does lack of type declarations make Python unsafe?

Moshe Zadka m at moshez.org
Tue Jun 17 16:52:33 CEST 2003


On Tue, 17 Jun, Dave Brueck <dave at pythonapocrypha.com> wrote:

> Can you clarify what you mean by "source code is always a liability"?

Well, I can *try*. I don't have any research, merely anecdotal evidence.
The anecdotal evidence suggests that I *enjoy* deleting code. A public example
is how I helped the deletion of the "poly" module from Python (technically,
it's in lib-old for backward compatibility reasons, however) -- and I
consider it to be one of the best contributions I made to core Python.

Now, in what ways was the "poly" module a liability? Well, the core Python
team had to maintain it. They had to make sure its performance was decent
and that it had no bugs and that the interface is decent. They didn't.
In 1.5.2, this module carried ugly 1.2-work-aroundy baggage and did polynomial
multiplication in a silly way. It obscured from people that there are
*good* polynomial modules for Python (in Numeric, IIRC).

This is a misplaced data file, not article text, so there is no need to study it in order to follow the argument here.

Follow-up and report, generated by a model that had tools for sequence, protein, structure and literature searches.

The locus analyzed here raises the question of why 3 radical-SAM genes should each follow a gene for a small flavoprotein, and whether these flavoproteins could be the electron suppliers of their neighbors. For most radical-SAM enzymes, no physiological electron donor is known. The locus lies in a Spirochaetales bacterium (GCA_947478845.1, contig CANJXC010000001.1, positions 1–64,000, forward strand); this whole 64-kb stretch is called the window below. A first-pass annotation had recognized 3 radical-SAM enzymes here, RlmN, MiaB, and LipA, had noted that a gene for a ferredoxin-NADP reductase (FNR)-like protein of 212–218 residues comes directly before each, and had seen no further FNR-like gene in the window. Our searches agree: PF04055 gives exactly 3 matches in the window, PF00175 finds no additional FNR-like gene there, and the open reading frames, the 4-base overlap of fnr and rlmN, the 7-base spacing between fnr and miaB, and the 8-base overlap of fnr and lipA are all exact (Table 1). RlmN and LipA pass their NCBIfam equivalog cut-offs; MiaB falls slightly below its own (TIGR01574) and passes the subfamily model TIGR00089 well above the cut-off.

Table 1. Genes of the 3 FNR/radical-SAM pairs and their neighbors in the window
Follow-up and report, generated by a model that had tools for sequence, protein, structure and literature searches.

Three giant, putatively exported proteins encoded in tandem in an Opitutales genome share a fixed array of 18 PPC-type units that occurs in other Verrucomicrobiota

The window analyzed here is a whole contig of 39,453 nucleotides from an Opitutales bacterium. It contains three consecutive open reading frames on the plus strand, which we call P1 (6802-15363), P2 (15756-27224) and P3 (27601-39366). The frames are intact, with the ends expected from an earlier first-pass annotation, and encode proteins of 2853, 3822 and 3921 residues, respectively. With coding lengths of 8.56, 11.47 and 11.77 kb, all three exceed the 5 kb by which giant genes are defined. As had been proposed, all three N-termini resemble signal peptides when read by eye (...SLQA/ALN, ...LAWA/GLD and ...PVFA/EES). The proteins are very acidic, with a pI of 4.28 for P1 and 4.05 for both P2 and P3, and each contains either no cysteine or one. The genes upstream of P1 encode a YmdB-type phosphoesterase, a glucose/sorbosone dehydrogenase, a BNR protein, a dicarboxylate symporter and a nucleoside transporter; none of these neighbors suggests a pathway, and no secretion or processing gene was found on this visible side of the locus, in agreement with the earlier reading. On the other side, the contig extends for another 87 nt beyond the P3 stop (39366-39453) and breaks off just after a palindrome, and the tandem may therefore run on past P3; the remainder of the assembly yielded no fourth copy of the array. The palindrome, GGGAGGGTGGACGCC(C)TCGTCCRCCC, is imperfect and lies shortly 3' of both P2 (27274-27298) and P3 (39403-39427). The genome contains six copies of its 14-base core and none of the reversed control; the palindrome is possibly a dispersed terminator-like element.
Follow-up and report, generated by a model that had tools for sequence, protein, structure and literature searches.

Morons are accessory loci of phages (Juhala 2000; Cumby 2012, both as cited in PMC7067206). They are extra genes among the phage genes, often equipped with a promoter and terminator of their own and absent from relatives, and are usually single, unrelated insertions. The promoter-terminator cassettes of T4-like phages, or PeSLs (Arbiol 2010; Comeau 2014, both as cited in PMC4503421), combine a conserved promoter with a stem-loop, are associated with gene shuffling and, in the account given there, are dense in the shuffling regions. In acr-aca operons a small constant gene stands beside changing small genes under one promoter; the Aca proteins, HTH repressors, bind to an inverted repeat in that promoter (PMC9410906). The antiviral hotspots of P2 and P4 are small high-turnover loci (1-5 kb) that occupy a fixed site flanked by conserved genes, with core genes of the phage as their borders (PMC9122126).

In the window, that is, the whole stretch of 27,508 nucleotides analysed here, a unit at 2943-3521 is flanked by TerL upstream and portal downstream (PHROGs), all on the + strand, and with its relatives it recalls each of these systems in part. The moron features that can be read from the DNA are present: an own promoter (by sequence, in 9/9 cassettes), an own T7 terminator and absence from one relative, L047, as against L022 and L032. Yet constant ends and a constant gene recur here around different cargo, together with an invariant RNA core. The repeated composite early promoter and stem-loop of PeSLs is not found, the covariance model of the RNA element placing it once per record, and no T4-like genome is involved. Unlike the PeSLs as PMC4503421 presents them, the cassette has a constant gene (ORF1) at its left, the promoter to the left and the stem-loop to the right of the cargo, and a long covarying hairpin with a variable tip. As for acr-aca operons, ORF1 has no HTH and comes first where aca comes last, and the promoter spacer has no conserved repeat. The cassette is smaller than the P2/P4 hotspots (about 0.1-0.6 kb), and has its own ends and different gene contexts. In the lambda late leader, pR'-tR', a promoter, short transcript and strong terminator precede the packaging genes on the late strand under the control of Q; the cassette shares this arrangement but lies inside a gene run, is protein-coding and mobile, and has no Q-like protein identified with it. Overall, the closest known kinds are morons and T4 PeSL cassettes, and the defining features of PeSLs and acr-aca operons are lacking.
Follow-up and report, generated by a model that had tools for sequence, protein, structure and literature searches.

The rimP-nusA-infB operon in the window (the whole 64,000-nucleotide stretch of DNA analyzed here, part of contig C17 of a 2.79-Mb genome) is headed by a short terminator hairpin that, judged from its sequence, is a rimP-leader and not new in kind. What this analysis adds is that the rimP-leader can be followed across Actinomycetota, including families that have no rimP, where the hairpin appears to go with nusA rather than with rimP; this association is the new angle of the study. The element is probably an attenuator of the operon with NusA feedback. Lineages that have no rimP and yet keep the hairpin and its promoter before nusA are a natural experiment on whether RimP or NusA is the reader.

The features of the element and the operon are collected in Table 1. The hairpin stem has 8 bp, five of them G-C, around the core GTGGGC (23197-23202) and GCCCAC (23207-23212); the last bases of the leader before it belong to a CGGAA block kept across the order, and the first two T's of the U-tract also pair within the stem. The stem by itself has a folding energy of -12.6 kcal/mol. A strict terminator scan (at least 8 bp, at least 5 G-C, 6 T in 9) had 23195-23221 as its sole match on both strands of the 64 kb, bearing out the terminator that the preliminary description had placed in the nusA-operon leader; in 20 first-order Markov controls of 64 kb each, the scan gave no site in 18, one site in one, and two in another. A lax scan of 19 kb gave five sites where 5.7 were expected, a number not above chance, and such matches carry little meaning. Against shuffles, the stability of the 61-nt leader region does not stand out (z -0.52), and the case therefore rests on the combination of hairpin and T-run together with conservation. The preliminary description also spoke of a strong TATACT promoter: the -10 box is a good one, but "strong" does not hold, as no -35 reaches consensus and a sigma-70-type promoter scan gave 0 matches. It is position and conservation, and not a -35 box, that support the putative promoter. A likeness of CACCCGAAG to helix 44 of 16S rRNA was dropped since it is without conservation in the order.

Now, having the *functionality* of polynomials is an asset. Having *source
code* for supporting polynomials was a liability -- it sucked the time
and energies of Python developers.

This is why "YAGNI" is such a powerful principle -- because source code
without functionality is sheer liability. This is why "do the simplest
thing" is powerful -- because less source code for the same functionality
is better. Neither of those would be true if source code was not a liability.
I'm not sure if you think this is the trivial sense -- if you think this
*is* trivial, you have some programming maturity, so good! :)

-- 
Moshe Zadka -- http://moshez.org/
Buffy: I don't like you hanging out with someone that... short.
Riley: Yeah, a lot of young people nowadays are experimenting with shortness.
Agile Programming Language -- http://www.python.org/





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